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Appunti di Lingua inglese III . Gli argomenti trattati sono i seguenti: the concept of translation, the source language or SL, the target language or TL, what is translation studies, the British Centre for Literary translation. Scarica il file in formato PDF!

Esame di Lingua inglese III docente Prof. P. Scienze letterarie






1.1 The concept of translation

In the first chapter is clear the concept of translation. The writer has been decided to focus the

approach on written translation rather than oral translation (interpreting or interpretation).

The term translation can refer to the general field, the product or the process. The product is the

text that has been translated, the process is the act of producing the translation otherwise

knows as translating. There are three categories of translation described by Jakobson Roman,

the Russian-American structuralist, they are:

Intralingual: translation, or rewording: an interpretation of verbal signs by means of other signs

of the same language; it occur, for example, when we rephrase an expression or text in the same

language to explain or clarify something we might have said or written.

Interlingual: translation or translation proper: an interpretation of verbal signs by means of

some other language; It is the process of translation between two different written languages

involves the translator changing an original written text (the source text or ST , in the in the

original verbal language, the source language or SL, into a written text, the target text or TT in

a different verbal language the target language or TL).

Intersemiotic: translation or transmutation: an interpretation of verbal signs by means of signs

of non-verbal sign systems. It occur if a written text is translated, for example, into music, film

or painting.

1.2 What is translation studies?

Written and spoken translations have played a crucial role in interhuman communication, but

the study of translation as an academic subject has only really begun in the past fifty years. In

the English-speaking world, this discipline is now generally known as translation studies,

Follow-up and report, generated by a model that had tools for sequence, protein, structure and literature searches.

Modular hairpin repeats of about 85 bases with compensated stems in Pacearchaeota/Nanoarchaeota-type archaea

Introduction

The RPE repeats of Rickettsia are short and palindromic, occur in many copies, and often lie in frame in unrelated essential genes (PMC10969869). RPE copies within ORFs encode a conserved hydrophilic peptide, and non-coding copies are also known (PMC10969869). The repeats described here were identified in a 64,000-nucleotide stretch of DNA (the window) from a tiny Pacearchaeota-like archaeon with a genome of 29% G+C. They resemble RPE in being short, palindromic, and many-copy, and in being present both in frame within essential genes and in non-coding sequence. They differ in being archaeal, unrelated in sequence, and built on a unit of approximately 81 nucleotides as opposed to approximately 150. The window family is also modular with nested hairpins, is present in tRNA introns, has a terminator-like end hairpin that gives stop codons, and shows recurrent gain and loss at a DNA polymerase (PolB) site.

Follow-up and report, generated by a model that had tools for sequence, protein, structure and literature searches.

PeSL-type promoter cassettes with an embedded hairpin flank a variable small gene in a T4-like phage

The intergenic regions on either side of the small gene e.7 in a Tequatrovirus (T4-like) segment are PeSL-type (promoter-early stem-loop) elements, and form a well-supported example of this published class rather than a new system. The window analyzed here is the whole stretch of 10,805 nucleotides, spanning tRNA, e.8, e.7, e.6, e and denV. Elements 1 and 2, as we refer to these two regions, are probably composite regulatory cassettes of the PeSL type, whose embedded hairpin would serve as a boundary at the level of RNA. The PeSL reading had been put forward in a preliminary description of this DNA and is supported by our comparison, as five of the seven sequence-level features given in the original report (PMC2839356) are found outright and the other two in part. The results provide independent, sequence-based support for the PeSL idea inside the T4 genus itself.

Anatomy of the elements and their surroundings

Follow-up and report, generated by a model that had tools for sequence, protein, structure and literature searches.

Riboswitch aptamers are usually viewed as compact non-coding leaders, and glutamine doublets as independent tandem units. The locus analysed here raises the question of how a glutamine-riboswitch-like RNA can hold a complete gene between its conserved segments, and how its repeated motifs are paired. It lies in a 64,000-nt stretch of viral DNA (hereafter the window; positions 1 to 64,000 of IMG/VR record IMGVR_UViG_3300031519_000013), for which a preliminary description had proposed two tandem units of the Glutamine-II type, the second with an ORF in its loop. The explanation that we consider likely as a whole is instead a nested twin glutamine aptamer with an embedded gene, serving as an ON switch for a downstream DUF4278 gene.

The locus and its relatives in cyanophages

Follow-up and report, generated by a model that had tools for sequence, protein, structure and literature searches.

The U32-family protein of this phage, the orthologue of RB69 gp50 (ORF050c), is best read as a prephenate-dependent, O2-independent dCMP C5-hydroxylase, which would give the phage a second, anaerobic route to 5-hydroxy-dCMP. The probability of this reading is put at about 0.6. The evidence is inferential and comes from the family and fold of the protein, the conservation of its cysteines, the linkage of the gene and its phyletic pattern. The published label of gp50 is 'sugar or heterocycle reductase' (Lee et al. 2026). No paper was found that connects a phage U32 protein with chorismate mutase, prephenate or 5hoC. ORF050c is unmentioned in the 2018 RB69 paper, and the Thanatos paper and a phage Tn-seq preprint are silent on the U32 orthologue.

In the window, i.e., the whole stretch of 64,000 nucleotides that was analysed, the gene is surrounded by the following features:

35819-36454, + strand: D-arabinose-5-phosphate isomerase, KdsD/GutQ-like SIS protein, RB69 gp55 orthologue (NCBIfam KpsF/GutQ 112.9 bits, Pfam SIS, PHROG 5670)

thanks to the Dutch-based US scholar James S.Holmes, 1972, but the translation studies

didn’t are as an independent discipline yet.

Now, at the beginning of the twenty-first century, the discipline of translation studies

continues to develop from strength to strength across the globe. The translation studies has

become more prominent, when there has been a proliferation of specialized translating and

interpreting courses at both undergraduate and postgraduate level. In the UK, the first

specialized university postgraduate courses in interpreting and translating were set up in the


In Europe, there is now a network of British Centre for Literary translation is studied, practised

and promoted. A part from Norwich, these include Amsterdam (the Netherlands), Arles

(France), Bratislave(Slovakia), Dublin(Ireland),R hodes (Greece), Sineffe (Belgium),

Strälen(Germany),Tarazona(Spain), and Visby(Sweden).

The 1990s saw a proliferation of conferences, books and journals on translation in many


There are various professional publications dedicated to the practice of translation, as in the UK

The Linguistic, other smaller periodicals such as TRANSST(Israel) and BET (Spain), now

disseminated through the internet, give details of forthcoming events, conferences and

translation prize.

1.3 A brief history of the discipline

The practice of translation was discussed by Cicero and Horace (first century BCE) and

St.Jerome (fourth century CE), their writings were exert an important influence up until the

twentieth century . The translation of the Bibles of St. Jerome by Greek into Latin was for over

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a thousand years and especially during the Reformation in the sixteenth century, the

battleground of conflicting ideologies in western Europe.

However , although the practice of translating is long established, the study of the field

developed into an academic discipline only in the second half of the twentieth century. From the

late eighteenth century to the 1960s, language learning in secondary schools in many countries